Why did Cowboys offense go bust against Colts?

Dallas Cowboys

The Dallas Cowboys won five straight before playing against the Colts, who shut them out and raised new questions entering Week 16.

Heading into Week 15, the Cowboys were one of the hottest team in the NFL. They had won five straight games and were starting to get some “sleeper” buzz from some in the media. As of late, they were complementary football, and it was their offense that really started to improve. On Sunday, they were tasked with playing the Indianapolis Colts, who had won six out of their last seven games.

Like most weeks, the game plan was simple. Dallas wanted to control the time of possession with long offensive drives to keep their defense and Andrew Luck off the field. To their credit, they executed that plan.

In the first half, each team had just three drives. Considering the opponent, the Cowboys couldn’t have asked for a better game script. On Dallas’ three drives, they ran 10, 15 and 14 plays on each respective drive. Against Luck and the Colts, that is precisely what they wanted to do on the road.

On all three drives, Dallas marched the ball inside of their opponent’s territory and put themselves into a position to score. But the Cowboys were never able to come away with any points. Today, I want to take a look at how each of the three drives ended.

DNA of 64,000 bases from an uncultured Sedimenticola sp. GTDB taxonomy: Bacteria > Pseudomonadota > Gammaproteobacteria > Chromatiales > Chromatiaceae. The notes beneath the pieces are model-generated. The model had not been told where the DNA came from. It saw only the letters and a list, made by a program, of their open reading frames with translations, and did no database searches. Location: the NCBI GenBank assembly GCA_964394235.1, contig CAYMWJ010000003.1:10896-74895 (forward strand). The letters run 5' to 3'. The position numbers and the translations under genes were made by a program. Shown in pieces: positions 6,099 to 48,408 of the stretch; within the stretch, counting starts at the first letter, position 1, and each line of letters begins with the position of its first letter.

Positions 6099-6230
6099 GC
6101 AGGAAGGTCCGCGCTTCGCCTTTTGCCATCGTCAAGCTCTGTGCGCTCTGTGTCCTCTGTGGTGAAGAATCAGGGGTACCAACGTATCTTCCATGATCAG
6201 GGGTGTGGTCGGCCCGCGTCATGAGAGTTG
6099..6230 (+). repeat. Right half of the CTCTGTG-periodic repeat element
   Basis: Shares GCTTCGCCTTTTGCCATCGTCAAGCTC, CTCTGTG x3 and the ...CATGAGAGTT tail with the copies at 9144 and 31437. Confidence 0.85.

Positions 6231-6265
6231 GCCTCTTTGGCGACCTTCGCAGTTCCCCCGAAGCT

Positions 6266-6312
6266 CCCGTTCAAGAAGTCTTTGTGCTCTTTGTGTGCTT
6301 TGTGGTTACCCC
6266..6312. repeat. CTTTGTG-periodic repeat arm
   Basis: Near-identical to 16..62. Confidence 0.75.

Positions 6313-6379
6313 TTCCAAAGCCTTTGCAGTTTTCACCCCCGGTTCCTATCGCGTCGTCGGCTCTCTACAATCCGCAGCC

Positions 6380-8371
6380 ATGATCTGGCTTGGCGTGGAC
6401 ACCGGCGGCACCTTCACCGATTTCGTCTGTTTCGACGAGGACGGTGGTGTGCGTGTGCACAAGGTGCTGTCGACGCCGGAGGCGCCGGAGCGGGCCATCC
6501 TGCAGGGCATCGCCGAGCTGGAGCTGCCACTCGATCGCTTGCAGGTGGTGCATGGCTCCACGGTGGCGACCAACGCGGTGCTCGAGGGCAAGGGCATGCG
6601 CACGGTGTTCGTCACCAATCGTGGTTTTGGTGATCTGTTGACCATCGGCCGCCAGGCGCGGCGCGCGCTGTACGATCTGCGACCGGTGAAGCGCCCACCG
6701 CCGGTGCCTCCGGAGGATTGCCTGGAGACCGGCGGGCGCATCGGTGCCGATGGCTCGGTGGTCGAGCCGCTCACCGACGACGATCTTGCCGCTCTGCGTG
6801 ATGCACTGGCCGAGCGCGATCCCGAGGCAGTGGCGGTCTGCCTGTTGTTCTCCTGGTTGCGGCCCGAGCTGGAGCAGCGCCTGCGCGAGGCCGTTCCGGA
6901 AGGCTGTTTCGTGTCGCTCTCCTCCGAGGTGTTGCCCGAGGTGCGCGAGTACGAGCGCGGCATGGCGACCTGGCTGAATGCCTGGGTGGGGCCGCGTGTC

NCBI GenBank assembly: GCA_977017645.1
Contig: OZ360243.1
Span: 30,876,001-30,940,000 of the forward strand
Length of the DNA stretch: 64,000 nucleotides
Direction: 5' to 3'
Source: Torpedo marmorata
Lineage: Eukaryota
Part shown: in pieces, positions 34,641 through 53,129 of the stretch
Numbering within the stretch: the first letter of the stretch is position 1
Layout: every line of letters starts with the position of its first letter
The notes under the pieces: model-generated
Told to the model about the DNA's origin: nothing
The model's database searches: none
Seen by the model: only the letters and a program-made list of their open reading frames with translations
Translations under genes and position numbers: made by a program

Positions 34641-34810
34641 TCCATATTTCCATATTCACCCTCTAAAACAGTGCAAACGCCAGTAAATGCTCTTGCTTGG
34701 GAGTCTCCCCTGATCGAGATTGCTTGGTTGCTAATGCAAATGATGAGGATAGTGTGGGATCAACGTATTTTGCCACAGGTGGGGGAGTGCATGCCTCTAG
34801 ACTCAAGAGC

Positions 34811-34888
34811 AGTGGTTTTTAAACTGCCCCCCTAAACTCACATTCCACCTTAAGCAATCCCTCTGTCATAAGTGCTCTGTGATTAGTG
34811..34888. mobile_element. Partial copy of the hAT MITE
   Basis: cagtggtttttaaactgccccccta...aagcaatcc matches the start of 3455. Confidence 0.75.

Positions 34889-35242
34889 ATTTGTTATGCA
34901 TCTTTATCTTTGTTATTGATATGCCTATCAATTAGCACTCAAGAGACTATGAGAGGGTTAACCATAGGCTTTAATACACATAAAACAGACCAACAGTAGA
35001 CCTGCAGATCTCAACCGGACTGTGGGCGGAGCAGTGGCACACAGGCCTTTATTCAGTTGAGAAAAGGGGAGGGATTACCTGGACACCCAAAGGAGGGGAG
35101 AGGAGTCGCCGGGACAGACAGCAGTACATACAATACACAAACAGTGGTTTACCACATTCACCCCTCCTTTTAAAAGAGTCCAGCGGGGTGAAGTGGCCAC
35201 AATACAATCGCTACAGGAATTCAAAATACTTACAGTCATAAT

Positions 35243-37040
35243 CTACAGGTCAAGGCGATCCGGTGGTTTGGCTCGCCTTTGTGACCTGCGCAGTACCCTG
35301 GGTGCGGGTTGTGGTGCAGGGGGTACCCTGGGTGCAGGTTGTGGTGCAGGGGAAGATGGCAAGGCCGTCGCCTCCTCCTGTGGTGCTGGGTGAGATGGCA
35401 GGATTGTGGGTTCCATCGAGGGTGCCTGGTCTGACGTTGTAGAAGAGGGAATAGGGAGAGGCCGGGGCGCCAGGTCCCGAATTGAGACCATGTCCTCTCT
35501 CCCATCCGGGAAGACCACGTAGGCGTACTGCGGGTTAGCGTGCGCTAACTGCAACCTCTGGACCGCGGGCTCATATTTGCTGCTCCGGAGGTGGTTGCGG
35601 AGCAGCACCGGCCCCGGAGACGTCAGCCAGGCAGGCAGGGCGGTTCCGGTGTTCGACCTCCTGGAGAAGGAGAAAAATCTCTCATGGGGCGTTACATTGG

On the opening drive of the game, the Cowboys had a 10 play drive that took them inside the 30-yard line of the Colts. After a Cole Beasley catch, Dallas had 2nd and 1 from the Colts’ 27-yard line. On 2nd and 1, Dallas ran a delayed counter to Ezekiel Elliott, and he was tackled for a three-yard loss, setting up 3rd and 4.

Dallas was still in a good position here. Against a Colts’ defense that has struggled on third down all season, the Cowboys should have had no problem picking this up. But instead, offensive coordinator Scott Linehan drew up a deep route to Allen Hurns instead of just trying to pick up the first down.

Dallas’ overaggressiveness came back to haunt them. Not only were they forced to settle for a field goal on a promising drive, but the Colts blocked the field goal and took it back to the Cowboys’ 44-yard line. This was an excellent drive by Dallas that stalled because they got a little too “cute”. Throwing to your fourth-best receiver down the field isn’t what makes this offense work. But let’s move on.

Dallas’ second drive of the game was all too familiar for Cowboys’ fans. Once again, they moved the ball fairly easily on the Colts and had a 1st and 10 from the Colts’ 12-yard line. But one of the biggest problem this season for the team has been their lack of ability to convert in the red zone.

On the season, the Cowboys are the 31st ranked red zone offense, scoring touchdowns on just 44 percent of their offensive drives. The only team that is worse is the San Francisco 49ers, who are starting an undrafted free agent quarterback in Nick Mullens after the injury to Jimmy Garoppolo. For a team that has playoff aspirations, that is entirely unacceptable.